BRUSSELS -- Any flickering hopes for a fourth-quarter rally in European car and truck sales dwindled as November began.

Industry forecasters now expect 1995 sales will come in no higher than 11.9 million units, far below the 12.5 million predicted earlier this year. Perhaps a tad singed, the experts are basically bearish about 1996 prospects. Best guess at this point: A 4% climb from 1995's lower-than-anticipated level, but far below the 10% to 12% growth rates that followed recessions during the 1980s.

Forecasts of 4% growth in 1995 made year ago were considered guarded as Europe put the cap on a 5.3% year-on-year growth vs. 1993. Even the most reserved projections saw Europe generating more than 12.2 million sales this year.

But consumer confidence in key European markets including the United Kingdom, France, Italy and Spain never materialized. Slow-sinking performances in these markets came despite incentive programs in France and Spain, and a strong expectation for an Italian market recovery.

As a result, European '95 sales will barely move -- up 0.5% over 1994 -- says Arthur Maher, an analyst with DRI/ London.

What happens in Germany will tell the story. "The core European market is Germany. The country has been in a severe recession since 1993, and the last six months have shown improvement. It is emerging from a recession, and the consensus is that 1996 should be a banner year for the consumers," says Mr. Maher.

Through 1995, Germany proved to be the European market exception, posting a 3.5% increase in sales volume.

But some analysts believe the results are gilded, and below the surface the news is far more daunting. German manufacturers spent the first half of 1995 behind the supply eight-ball, enduring labor shutdowns and slow rampups on key new models. To compensate, most vehicle lines went full tilt during the second half after IG Metall, Germany's largest labor union, signed contracts and its people went back to work.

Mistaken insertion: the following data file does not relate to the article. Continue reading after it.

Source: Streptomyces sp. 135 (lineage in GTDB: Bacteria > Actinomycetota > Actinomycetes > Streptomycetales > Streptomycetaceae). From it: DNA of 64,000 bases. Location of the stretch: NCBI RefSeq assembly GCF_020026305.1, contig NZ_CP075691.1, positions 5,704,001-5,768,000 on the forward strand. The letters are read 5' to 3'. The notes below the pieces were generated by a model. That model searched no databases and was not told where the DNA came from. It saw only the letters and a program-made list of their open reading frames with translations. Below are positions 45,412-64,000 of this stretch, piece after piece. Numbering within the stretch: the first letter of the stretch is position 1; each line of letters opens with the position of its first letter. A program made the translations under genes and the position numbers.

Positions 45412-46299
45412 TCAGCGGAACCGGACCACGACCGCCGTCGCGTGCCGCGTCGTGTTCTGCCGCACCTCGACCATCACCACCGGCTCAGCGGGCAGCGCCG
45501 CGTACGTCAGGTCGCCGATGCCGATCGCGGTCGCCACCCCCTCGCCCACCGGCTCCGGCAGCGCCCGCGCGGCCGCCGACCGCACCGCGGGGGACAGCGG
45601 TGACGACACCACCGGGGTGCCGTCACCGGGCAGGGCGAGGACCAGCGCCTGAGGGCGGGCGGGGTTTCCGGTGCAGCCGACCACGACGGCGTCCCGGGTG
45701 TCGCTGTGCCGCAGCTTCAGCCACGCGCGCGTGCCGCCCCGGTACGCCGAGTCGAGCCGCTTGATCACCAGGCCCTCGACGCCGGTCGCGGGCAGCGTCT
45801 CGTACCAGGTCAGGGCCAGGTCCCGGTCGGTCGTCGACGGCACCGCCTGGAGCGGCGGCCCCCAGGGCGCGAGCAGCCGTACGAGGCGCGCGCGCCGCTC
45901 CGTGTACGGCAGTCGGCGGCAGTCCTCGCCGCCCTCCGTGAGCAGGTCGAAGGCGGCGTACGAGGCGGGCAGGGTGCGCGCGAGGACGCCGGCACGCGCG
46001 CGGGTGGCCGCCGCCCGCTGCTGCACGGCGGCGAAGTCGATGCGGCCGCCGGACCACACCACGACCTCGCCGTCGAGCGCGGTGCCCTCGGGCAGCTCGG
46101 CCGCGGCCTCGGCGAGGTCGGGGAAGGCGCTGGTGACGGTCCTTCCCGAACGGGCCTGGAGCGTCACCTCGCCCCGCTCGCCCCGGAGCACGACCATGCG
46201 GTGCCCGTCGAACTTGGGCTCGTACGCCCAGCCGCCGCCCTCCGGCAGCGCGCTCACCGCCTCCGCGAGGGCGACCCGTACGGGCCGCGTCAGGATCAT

The production deluge flooded Germany's market with new vehicles, forcing most manufacturers to offer generous incentive programs. The backlash for 1996 may haunt the German market if automakers lop off incentives too quickly.

"The German market was pushed quite aggressively, but it still is performing well through the fourth quarter," says Mr. Maher. "So if automakers can reposition sales through incentives, they should continue to use them until they see an appreciable rebound."

In France, government-sponsored incentive programs are back after they were discontinued in June. Vehicle sales suffered after the program first ended, and France posted only a meek 0.5% gain through October, despite six months of incentives. The revived incentive plan is not expected to impact vehicle sales until early 1996.

In Spain, the government failed to revive incentives quickly, so vehicle sales there went screaming into a tail-spin with year-on-year monthly sales volume dropping 20.7% in July, 19.8% in August and 21.7% in September. Overall, the Spanish market was down 7.5% through 10 months, and few end-of-year projections see anything better than an 8% loss for the year.

Despite the gloom-and-doom numbers for 1995, European automakers have put on something of a relaxed, if not happy, face. The last European recession that ripped apart the industry may have imparted some valuable lessons because automakers have spent the last few years trimming costs, organizing labor and moving investments to alternate markets.

Volkswagen AG posted strong third-quarter results, despite a shutdown in Germany during talks with IG Metall. New investment from the Wolfsburg-based company is headed outside Germany to far-flung emerging markets including Brazil, China and Poland.

And while most industry watchers describe VW's current labor contract as a significant albatross, VW did win a flexible work-week, enabling it to tailor total labor time to swings in vehicle demand.

Mercedes-Benz AG also is stepping up production and investment outside of Germany, including its all-activity-vehicle (AAV) plant in Alabama.

Mercedes streamlined its operations in Germany first, however, and officials cite major cost gains through 1994 and 1995.

But the Cinderella story goes to Fiat Auto Spa Chairman Paolo Cantarella and his bold charge into Europe's main vehicle segments. First, success with the company's Punto rallied sales, followed with an assault by the Alfa Romeo 155, Lancia Kappa and now the Bravo and Brava paternal C-class twins. Still on deck is Fiat's 178 world car to be produced in Brazil, Turkey, Poland and likely Mexico.

These investments in emerging markets outside Europe are expected to insulate European vehicle manufacturers from the chilling forecasts made for 1996. South America currently is en vogue, with several billion dollars earmarked for production facilities there. That includes $1 billion invested by Renault SA for a plant in Brazil and $600 million invested by Fiat in Argentina. Mercedes also has announced it will produce its new A-class model both in Germany and in Brazil.

"I'd say the industry is trying to cope with cyclical swings," says Mr. Maher. "The ingredients have been laid, making them less vulnerable in Europe, but not all of the ingredients are there yet. So if we do have an unexpected collapse, it would significantly affect them."